17 Sep 2014
An app designed to help New Zealand GPs and optometrists confidently diagnose eye disorders has won a prestigious health award.
The Auckland Eye Manual app took out the top non-clinical prize at the Leaders in Quality Awards run by the New Zealand Private Surgical Hospitals Association (NZPSHA).
As the first medical manual app in New Zealand, the Auckland Eye Manual is a comprehensive ophthalmic diagnostic resource providing a reference guide across all sub-speciality eye diseases.
Created by 14 of the country’s leading eye surgeons, the manual was initially developed as a print resource in response to a growing number of requests from GPs for information to assist them in clinical practice.
The resulting app is now used by GPs and optometrists throughout the country, and by the University of Auckland as an educational tool for all fifth-year students.
Leaders in Quality Awards guest judge Dr Janice Wilson, chief executive of the Health Quality & Safety Commission, says the app is an amazing product. "The manual is excellent and, backed by the innovative app, it has quickly gone nationwide."
The category judges thought the Auckland Eye Manual app was a very impressive development with applicability right across the health sector, says Dr Wilson.
Auckland Eye accepted their award on 11 September at the Leaders in Quality Awards, which are presented bi-annually by the NZPSHA, and recognise excellence in 24 members spread across 35 surgical facilities throughout New Zealand.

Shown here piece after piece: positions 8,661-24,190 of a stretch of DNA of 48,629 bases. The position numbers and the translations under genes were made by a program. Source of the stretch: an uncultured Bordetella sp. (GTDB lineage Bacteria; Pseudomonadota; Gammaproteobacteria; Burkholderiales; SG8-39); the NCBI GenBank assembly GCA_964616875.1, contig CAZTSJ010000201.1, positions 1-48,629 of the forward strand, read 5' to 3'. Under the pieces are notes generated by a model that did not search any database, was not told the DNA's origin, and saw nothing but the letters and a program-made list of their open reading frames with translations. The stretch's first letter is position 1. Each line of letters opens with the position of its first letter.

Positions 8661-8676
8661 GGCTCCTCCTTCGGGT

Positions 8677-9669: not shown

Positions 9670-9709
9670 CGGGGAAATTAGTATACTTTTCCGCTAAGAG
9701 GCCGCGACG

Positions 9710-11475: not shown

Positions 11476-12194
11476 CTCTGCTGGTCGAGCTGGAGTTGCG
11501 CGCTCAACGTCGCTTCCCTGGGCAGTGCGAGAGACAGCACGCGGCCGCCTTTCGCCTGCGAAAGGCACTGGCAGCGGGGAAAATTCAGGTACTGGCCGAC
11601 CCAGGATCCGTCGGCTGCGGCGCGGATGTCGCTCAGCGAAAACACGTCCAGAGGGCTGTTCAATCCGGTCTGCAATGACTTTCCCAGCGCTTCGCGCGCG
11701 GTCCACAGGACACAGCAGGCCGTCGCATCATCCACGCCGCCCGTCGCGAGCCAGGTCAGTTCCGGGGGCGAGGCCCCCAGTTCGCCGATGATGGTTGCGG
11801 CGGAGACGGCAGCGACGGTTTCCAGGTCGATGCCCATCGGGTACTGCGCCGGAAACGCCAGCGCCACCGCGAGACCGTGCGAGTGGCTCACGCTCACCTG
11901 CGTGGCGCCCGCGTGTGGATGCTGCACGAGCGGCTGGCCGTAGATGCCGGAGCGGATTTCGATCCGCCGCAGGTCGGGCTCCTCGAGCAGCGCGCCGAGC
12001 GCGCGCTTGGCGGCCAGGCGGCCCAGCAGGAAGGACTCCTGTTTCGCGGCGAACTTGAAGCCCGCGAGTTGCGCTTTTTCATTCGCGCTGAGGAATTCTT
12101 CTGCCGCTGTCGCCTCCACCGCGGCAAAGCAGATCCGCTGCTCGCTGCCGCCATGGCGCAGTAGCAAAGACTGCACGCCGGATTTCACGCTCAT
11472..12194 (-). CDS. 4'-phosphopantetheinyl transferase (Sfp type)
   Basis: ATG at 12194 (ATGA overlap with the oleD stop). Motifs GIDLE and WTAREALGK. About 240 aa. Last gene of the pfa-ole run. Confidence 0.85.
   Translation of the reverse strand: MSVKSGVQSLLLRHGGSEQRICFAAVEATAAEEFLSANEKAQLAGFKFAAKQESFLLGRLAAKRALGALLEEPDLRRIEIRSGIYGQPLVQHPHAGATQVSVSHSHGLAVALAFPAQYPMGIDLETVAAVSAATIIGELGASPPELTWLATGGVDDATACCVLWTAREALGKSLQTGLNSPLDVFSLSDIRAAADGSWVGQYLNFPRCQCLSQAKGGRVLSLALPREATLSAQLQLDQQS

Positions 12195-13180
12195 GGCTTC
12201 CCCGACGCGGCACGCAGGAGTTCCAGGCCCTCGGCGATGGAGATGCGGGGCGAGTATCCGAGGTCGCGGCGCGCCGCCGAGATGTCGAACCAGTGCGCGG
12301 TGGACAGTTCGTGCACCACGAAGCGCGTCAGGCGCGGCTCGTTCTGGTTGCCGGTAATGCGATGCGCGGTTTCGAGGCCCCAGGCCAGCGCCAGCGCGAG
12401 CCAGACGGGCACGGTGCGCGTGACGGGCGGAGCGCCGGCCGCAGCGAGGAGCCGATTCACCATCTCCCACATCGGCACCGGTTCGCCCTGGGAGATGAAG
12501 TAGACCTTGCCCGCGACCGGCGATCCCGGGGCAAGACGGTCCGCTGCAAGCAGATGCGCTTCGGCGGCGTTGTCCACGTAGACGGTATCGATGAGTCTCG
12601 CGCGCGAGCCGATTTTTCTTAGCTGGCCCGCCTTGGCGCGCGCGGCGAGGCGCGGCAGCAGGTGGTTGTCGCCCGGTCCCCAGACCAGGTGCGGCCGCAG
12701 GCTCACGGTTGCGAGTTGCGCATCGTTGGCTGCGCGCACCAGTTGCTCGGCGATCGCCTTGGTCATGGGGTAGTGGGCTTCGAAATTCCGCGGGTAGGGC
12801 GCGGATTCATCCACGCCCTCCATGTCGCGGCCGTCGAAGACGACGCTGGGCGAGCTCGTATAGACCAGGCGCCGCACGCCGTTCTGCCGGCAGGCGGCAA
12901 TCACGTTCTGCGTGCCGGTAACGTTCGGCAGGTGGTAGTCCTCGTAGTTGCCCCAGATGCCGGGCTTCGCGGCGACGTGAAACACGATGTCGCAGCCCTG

"We are delighted to have the widespread benefits of our manual app acknowledged by this prestigious award," says Dr Sue Ormonde, Auckland Eye ophthalmologist.
"Our expert team of eye specialists have worked hard to ensure it was a comprehensive reference for GPs and optometrists around the country. We are proud of our innovative approach to creating a user-friendly app that helps the diagnosis of eye disorders all over New Zealand."
"These awards provide a valuable opportunity for private health members to showcase and learn from the quality initiatives of other members. The NZPSHA should also be acknowledged for supporting improvement and innovation in the New Zealand medical industry," says Dr Ormonde.
The app explains the appropriate methods for taking an ophthalmic history, and along with the use of colour photos, aids in identifying important signs for over 100 common eye conditions.
Immediate and longer-term management and referral guidelines are also included, and its availability on mobile devices gives users immediate access and rapid search functionality to better suit their needs.
The Auckland Eye Manual app is available to iOS and Android users, and is free for all New Zealanders.
For more information, see www.aucklandeye.co.nz.